By Caleb Probst, CAASE Education Outreach Associate
I was asked to come into a high school in Chicago to work with their 9th grade boys. The school indicated that they were troubled by the behavior exhibited in the halls by some of the boys toward some of the girls, and thought the boys would benefit from going through our program. At the start of the first day, I asked the boys to write down words they would use to describe “a prostitute.” The majority of the responses were words like, “slut,” “hoe,” “THOT” (That Hoe Out There), “easy,” “nasty,” “dirty,” and “worthless.” Many of these words were the same words that the administration reported hearing directed at the girls in the school. At the end of the 4-session program, the boys had a new perspective. They really understood how different the realities of prostitution were from the myths they were accustomed to hearing and how many prostituted people endure violence, poverty, and trauma. They also learned about about how society frequently shames and isolates people in prostitution.
As these young men went through our 4-session program, they had an opportunity to examine what they know about “being a man” and think critically about how those shared perceptions influence their own decision making. They also had a chance to consider how their behavior, and the behavior of their peers, can impact their community. One student wrote, “I’ve learned that men treat women like crap, they use them as an object… I know that this puts girls in danger of becoming a prostitute.” He and his classmates began to see that objectifying women and degrading them with words like “slut” can have serious consequences. When asked how girls end up in prostitution, many responded with “they had a traumatized life,” “they had a rough childhood,” or “[society says] they have less power.”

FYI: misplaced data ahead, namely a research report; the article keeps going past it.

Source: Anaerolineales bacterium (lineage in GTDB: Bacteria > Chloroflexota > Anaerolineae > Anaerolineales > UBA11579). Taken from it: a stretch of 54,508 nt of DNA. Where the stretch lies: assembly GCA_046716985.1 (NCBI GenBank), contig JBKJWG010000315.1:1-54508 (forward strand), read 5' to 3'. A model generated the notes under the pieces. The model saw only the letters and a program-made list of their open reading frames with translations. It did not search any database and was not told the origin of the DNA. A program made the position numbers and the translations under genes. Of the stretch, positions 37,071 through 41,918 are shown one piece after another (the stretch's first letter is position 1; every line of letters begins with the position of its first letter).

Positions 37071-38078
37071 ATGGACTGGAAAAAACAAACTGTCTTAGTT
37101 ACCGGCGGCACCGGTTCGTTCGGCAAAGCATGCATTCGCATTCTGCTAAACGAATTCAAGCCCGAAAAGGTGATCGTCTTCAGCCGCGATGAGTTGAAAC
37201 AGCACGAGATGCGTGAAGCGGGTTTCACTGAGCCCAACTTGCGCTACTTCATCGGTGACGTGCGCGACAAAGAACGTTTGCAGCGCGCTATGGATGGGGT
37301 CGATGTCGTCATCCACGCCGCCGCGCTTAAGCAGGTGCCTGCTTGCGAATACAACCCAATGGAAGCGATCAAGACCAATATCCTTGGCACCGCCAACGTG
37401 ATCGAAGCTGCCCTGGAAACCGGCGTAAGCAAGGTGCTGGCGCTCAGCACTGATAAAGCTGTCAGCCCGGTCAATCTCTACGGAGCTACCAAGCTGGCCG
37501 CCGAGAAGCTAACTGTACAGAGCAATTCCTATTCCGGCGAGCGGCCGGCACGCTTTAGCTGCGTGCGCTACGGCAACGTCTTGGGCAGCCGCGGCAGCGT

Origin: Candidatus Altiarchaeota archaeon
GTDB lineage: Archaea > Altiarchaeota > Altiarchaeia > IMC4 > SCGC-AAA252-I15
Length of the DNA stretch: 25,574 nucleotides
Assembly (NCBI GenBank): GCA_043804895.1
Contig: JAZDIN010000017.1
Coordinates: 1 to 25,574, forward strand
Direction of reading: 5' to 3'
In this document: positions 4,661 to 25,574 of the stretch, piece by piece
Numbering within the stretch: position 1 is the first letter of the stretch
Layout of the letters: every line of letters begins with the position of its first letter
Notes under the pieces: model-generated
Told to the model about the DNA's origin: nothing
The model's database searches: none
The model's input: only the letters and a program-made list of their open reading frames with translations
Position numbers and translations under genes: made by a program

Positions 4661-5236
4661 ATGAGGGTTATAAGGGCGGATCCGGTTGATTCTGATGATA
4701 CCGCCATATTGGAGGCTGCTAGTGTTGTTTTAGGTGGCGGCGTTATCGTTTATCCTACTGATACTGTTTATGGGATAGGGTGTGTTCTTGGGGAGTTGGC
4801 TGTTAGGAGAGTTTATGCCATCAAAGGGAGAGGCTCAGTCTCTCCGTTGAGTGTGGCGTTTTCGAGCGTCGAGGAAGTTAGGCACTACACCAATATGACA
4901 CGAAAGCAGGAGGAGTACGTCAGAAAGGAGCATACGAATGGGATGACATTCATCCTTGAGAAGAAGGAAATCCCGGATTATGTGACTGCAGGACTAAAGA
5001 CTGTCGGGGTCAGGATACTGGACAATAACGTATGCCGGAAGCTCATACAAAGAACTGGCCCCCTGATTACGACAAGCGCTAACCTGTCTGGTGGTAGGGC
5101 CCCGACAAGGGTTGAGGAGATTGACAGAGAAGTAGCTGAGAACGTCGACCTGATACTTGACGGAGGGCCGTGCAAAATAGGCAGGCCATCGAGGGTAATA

Now, not every girl who is objectified and degraded will end up being commercially sexually exploited, and these young men acknowledged that. But as one student said, “we [never] know her story.” At the end of the final session, I asked the young men if there was anything that they would do differently now, based on what they had learned during the program. The two most common responses were “I will stop saying words like ‘thot’” and “I am going to respect women more.”
School is out for the summer now, but there's hope yet for these young men who have just begun their journey to better understanding and respect for their female peers.